New findings indicate that the aurora and other near-Earth space weather are driven by the rate at which the Earth’s and Sun’s magnetic fields connect, or merge, and not by the solar wind’s electric field as was previously assumed. The merging occurs at a spot between the Earth and Sun, roughly 40,000 miles above the planet’s surface, and appears fundamental to the circulation of particles and magnetic fields throughout near-Earth space.
Researchers at the Johns Hopkins University Applied Physics Laboratory (APL) in Laurel, Md., and the Air Force Research Laboratory at Hanscom Air Force Base (Massachusetts) will announce the results of their study at the Fall American Geophysical Union Meeting in San Francisco on Dec. 11. The researchers, led by Patrick Newell of APL, have developed a formula that describes the merging rate of the magnetic field lines and predicts 10 different types of near-Earth space weather activity, such as the aurora and magnetic disturbances.
“Having this formula is a big step forward for understanding how the Sun and Earth interact,” says Newell. And that understanding could help predict the space weather that affects communications, navigation, and the health of humans in space.
The space between the Earth and Sun is not empty, but filled with energetic particles, most of which are generated in the solar atmosphere. Temperatures of a few million degrees accelerate a stream of these particles, called the solar wind, to roughly one million miles per hour. Space weather scientists had long assumed that near-Earth space weather phenomena could best be predicted by the behavior of the solar wind electric field. However, Newell and his colleagues were the first to put this theory to a rigorous test with many data sets from a number of years.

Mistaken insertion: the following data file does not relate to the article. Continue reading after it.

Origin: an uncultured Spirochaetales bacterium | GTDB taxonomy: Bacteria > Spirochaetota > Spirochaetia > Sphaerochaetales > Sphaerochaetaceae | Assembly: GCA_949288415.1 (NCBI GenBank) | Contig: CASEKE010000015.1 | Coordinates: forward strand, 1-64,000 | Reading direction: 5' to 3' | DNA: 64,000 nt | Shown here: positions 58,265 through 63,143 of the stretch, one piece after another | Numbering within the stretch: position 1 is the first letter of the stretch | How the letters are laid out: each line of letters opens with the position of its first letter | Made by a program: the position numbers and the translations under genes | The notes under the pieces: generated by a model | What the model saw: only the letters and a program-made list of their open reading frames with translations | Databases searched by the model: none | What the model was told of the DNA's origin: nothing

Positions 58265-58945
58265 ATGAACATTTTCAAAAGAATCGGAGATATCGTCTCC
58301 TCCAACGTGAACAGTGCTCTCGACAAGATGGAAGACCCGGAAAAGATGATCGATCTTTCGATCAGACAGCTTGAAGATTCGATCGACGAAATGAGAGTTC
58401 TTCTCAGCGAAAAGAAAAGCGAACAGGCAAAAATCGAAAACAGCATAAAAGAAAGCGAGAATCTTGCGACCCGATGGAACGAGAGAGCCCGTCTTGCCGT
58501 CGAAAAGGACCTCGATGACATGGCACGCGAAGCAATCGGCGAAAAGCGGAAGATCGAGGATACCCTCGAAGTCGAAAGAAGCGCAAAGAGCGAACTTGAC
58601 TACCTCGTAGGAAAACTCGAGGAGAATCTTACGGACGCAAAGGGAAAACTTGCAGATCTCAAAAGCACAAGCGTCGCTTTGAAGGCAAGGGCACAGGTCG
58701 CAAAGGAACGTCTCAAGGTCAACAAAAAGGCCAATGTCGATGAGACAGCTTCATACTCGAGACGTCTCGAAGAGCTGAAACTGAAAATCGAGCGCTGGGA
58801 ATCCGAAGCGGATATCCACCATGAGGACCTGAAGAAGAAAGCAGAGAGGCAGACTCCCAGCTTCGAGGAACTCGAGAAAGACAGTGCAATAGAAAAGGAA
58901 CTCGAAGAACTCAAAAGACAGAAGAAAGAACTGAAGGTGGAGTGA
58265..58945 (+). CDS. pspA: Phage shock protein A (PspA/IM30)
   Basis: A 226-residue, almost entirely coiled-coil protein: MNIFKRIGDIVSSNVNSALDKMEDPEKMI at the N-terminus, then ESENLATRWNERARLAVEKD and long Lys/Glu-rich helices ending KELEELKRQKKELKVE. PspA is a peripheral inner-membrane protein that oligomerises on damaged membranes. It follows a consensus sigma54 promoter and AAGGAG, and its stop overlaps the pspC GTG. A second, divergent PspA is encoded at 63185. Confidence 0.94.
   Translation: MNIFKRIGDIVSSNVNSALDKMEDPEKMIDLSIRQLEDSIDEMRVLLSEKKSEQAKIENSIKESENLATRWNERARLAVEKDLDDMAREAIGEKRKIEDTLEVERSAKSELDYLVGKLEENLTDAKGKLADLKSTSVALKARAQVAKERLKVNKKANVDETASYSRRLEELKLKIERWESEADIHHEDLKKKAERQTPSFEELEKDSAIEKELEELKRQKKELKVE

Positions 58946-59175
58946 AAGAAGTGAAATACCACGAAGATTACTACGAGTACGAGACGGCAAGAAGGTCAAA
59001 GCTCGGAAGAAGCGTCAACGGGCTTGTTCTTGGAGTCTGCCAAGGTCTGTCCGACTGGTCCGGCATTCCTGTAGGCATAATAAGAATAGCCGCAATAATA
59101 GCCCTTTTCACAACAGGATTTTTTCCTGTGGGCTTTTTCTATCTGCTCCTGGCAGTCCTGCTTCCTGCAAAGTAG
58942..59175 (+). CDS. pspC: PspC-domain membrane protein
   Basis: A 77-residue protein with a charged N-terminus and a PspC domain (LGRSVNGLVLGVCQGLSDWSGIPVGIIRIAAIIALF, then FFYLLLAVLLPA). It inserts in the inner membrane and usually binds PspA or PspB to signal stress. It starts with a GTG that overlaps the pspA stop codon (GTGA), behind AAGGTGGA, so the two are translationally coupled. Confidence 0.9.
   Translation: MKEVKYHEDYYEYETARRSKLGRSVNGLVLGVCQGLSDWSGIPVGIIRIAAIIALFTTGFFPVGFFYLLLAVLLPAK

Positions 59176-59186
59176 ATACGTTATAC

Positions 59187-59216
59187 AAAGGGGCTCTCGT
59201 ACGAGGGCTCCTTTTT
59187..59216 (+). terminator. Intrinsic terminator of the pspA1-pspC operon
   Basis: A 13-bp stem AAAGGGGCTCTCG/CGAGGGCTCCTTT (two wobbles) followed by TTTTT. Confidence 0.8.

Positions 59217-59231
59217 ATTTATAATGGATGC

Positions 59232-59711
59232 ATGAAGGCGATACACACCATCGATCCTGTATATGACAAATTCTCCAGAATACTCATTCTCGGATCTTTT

The team of researchers studied NASA satellite observations of global auroral activity, NOAA satellite observations of the stretching of the Earth’s magnetic field lines on the Earth’s nightside, and Air Force satellite observations of the access of solar wind particles to the Earth’s upper atmosphere. They questioned whether the electric field activity was really the best predictor, or if each phenomenon would require its own formula, and were surprised to learn that a single formula—for the merging rate—gave the best clues to the behavior of these ten aspects of space weather.
Professors George Siscoe of Boston University and Stanley Cowley of Leicester University had previously suggested that the merging rate would better explain near-Earth convection, but Newell and his colleagues were surprised at how well the single new formula works.
For a space scientist, the work is interesting also because it provides the first strong empirical estimate of the global merging rate. Boston University’s Siscoe says of the study, “It clearly represents a massive amount of work, and it is undoubtedly an important contribution to the subject of solar wind-magnetosphere coupling. People will probably be discovering further implications of the formula for years.”
The research was funded by NASA and the National Science Foundation.
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